- Associated Press - Wednesday, October 26, 2016

COLUMBIA, S.C. (AP) - A leading state senator said Wednesday he’s shocked the agency that serves South Carolinians with disabilities doesn’t fine taxpayer-funded providers for not adequately protecting the vulnerable people in their care.

The Department of Disabilities and Special Needs’ contracts with private providers should threaten financial penalties. That’s probably the best way to get for-profit companies to meet expectations in caring for “citizens who are very special to all of us,” said Sen. Thomas Alexander, R-Walhalla.

“That’ll get people’s attention,” he said. “If you know what’s expected, and there’s accountability, then you’ll meet those expectations rather than suffer the consequences.”

In March, the agency halted all referrals to South Carolina Mentor, a company that provides home care for roughly 200 of the state’s most vulnerable adults, due to concerns about allegations of abuse.

It was the third freeze against the company since 2010. Yet, the agency renewed the company’s contract in July to care for adults with intellectual disabilities, autism, brain and spinal cord injuries. At $20 million - about 70 percent funded by the federal government - the contract was 13 percent higher than the previous year’s. Referrals remain frozen.

Agency Director Beverly Buscemi said contracts submitted for bid next year will include more consequences.

South Carolina Mentor has a pattern of turning around when “the spotlight is on them,” she said, and then eventually backsliding again.

“I’d like to have something between everything is perfect and I freeze you,” Buscemi said about options in future contracts.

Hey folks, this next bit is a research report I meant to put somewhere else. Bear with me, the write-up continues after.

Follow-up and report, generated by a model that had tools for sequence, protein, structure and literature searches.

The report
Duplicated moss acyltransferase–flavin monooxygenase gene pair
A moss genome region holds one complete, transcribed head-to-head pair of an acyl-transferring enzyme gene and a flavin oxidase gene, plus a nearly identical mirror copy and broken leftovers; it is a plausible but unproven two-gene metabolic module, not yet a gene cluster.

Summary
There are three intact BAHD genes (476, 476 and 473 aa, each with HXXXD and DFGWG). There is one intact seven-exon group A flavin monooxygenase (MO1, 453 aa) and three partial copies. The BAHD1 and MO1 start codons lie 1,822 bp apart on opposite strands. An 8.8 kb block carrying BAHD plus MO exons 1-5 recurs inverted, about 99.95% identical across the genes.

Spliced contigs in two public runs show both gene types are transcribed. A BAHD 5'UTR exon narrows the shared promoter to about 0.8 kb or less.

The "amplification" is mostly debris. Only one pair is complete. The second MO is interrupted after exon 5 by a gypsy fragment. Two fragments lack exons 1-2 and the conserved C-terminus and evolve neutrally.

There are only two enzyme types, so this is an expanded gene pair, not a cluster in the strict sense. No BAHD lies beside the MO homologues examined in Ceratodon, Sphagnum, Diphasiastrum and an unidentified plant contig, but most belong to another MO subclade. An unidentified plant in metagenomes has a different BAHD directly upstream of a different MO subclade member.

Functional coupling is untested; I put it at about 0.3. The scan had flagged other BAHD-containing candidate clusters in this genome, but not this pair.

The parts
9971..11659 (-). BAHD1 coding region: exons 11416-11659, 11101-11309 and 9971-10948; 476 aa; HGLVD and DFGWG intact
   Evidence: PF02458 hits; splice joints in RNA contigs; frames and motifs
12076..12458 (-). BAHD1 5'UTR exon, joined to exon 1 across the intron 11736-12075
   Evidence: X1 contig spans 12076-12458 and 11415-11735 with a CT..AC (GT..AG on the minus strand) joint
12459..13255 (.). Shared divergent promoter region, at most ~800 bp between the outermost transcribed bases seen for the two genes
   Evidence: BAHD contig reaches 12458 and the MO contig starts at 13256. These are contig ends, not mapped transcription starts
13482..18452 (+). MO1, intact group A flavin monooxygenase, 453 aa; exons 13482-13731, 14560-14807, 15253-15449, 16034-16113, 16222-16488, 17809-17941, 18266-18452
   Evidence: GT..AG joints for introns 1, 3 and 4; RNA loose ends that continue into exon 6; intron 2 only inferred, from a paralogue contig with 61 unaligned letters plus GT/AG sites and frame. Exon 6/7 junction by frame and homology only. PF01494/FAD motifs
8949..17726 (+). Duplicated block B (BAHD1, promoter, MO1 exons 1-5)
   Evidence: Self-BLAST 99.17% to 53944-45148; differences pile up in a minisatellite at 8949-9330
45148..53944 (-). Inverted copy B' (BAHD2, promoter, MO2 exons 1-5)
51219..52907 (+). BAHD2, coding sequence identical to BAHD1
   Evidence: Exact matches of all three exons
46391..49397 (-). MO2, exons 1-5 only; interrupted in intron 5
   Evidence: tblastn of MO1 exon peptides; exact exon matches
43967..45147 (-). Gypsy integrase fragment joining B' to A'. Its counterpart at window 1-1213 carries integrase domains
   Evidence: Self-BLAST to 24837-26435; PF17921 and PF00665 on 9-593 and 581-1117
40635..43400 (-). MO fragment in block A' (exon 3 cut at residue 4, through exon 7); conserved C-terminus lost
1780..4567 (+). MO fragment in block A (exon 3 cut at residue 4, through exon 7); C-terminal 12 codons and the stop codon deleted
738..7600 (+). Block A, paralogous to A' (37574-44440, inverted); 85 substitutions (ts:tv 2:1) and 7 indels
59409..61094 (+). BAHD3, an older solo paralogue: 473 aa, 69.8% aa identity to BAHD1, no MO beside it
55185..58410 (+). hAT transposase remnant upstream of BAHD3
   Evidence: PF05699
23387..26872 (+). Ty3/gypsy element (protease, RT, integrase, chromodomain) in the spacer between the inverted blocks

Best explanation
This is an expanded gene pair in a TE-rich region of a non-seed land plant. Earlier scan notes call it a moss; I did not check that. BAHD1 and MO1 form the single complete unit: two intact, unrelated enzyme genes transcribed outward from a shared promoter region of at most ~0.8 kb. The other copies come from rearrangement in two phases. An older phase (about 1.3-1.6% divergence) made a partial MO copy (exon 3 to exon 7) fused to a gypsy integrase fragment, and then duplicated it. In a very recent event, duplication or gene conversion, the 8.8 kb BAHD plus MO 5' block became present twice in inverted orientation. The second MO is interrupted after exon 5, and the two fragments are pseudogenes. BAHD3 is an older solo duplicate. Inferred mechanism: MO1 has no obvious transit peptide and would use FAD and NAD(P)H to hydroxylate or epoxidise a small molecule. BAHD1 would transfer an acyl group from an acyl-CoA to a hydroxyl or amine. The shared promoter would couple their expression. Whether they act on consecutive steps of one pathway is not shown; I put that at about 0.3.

Alexander, who chairs the Senate panel that writes the agency’s budget, said he can’t believe contracts don’t already provide for multiple levels of consequences and oversight. He suggested that contracts say “after two times you’re out.”

It’s not as simple as just canceling a contract, said agency spokeswoman Lois Park Mole.

“We can say, ‘OK, we’re not going to renew your contract.’ But we still have these people who need services,” she said. One difficulty is finding “providers willing to accept some of the most aggressive, most challenging consumers.”

Of the 170 allegations of abuse, neglect and exploitation in South Carolina Mentor’s 74 residential homes between July 2013 and March 2016, five resulted in criminal charges. Most were unsubstantiated, according to last month’s report by Inspector General Patrick Maley.

Mentor’s internal reviews led to staff re-training in 38 cases, while 39 allegations resulted in employees being fired, he reported.

The company’s state director, Stan Butkus, left the job last month. In 2009, Butkus resigned as director of the state disabilities agency following a critical legislative audit.

Butkus said in July that Mentor has a nearly two-decade record of providing quality-of-life enhancing services, but no provider is perfect. He also had said steps taken to improve services include adding 15 positions.

Mentor has “zero tolerance for abuse and neglect of those we support,” Butkus said then.

An email seeking comment from South Carolina Mentor wasn’t immediately returned Wednesday night.

After the meeting, Alexander said he’s optimistic things are turning around at the state agency.

“It appears to me they’re finally starting to be responsive to some things that should’ve been addressed prior to this point,” he said. “But obviously there’s more work that needs to be done.”

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